Budgets are a sour subject for most of us.

Now they’re easy to set. . . but life happens—a tire blows out, someone has a birthday, and before you know it, you’re in over your head with bills. So we set budgets. But really that’s not quite enough, is it? A lot of broke people have budgets. You have to follow a budget for it to work.

Here are some ideas to help you plan a budget and stick to it!

Define your needs.

Everyone has a different idea of what they need.

People say everything from “I need to take my vitamins” and “I need to organize that drawer” to “I just need a back rub” or “what I really need right now is some dark chocolate.” Maybe we just overuse the word.

But when it comes to budgeting, you can start just by narrowing down what the family really does need and differentiating that from what everyone wants. Once you can separate the two and make sure you are budgeting for the “needs,” you’ll be able to have a little extra for the “wants.”

Use the envelope system.

Envelopes

If you’re a paper kind of mom, this may be for you! The idea here is that you sit down at the beginning of the month and label envelopes for each spending category. Pull out the hard cash for each of those categories—then the rest you can save.

If you prefer, of course, you can use a digital envelope system instead of paper envelopes with cash.

This system especially helps when you’re on a tight budget. You can’t spend more than you have, because once it’s gone, it’s gone.

And whether you decide to use the envelope system or not, try this free printable budgeting template (pictured above) for organizing your spending!

Budget by percentages.

Try the 50/20/30 guideline. This breaks down your money into categories instead of flat dollar amounts. Basically, 50% goes to fixed costs, 20% to financial goals, and 30% to flexible spending.

This is great if you’d rather channel your money into just a few basic groups instead of specific ones.

Find the areas where you can save.

Man Looking at TabletYou know those $5, $10, $30 dollar trips out. Maybe it’s just coffee, craft supplies, and a quick run through the department store—but when it’s not in the budget, it adds up fast. Be intentional with how you spend!

Most people would tell you they aren’t loaded—but only 1 in 3 Americans even bother with a budget. So plan out your grocery trips and errands. Research the best times of the year to go clothes-shopping. Swap a weekend trip to Disney for a weekend camping trip!

Just being intentional could save you hundreds each month.

Plan for the holidays.

Holiday PresentsSpeaking of spending intentionally, nothing drains your money like a holiday season. Trimming the tree, trimming the turkey, presents, parties, and oh, did we already mention vacations?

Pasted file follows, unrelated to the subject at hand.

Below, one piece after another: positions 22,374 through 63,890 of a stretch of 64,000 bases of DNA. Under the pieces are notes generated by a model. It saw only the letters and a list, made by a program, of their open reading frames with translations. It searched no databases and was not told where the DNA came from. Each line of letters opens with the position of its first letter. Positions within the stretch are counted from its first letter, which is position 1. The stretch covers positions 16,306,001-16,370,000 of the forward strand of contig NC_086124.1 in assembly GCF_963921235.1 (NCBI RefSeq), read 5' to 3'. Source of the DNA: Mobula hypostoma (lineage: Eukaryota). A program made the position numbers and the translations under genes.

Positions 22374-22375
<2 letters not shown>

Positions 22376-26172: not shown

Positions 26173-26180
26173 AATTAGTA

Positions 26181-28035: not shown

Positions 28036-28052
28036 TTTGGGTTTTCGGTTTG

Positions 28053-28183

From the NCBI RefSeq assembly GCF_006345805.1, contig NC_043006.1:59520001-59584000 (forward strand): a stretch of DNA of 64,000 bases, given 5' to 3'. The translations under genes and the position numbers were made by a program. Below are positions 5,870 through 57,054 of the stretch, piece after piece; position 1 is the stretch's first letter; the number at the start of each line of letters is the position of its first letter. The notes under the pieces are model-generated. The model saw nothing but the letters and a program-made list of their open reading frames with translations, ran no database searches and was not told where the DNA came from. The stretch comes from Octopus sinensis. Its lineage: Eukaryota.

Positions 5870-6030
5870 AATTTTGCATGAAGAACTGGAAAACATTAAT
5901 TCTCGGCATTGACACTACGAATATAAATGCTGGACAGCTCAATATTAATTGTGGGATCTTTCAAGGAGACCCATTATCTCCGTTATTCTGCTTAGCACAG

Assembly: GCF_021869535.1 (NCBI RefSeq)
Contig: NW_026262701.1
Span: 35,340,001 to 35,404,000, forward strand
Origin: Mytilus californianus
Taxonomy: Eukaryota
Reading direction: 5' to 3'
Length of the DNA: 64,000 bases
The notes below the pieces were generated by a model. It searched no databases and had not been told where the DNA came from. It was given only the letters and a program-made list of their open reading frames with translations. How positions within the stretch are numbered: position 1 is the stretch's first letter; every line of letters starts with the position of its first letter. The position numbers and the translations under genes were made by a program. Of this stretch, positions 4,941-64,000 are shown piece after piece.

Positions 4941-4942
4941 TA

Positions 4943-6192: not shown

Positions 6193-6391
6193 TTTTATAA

The key here is planning. Put a spot in your budget for holidays. Decide ahead of time how you’ll be spending—who are you giving gifts to? What will your price range be for each person? Put the details of your holiday on a timeline so you know what’s coming—the travel plans, festive parties, and big family meals.

Then start an account where you put your holiday savings, and don’t touch it until the festivities roll around.

Earn some money on the side.

Try being proactive with your budget, and find the ways you can earn. Online businesses are a HUGE industry right now—especially for moms! Blogs, crafts, photography, or even translation work. Find your niche, then see if you can make it into a small side job.

Or have you ever heard of getting paid to test websites or take online surveys? You can make some extra money without even interrupting your daily schedule.

Pass it on.

If you do allowance with the kids, teach them a basic budget for what they earn! Or if you have teens just starting out with a job, walk them through your own budget and suggest they try something similar.

Teaching them how to spend money wisely now will build habits to last into adulthood!

And finally, give yourself a break.

Family PicnicHave a day where the family goes out for dinner, or maybe just out for ice cream. If money is tight, go on a picnic and bring “special groceries.”

Don’t let “We have no money” be the answer to every activity your kids suggest. Let them know, “Maybe later”; “We’ll save up”; OR “Sweetie, instead let’s try _______.”

And try some of these affordable activities for the family when you run out of your own ideas.

It’s like exercise, cleaning the house, or just cleaning out your purse—a little planning and elbow grease can go a long way.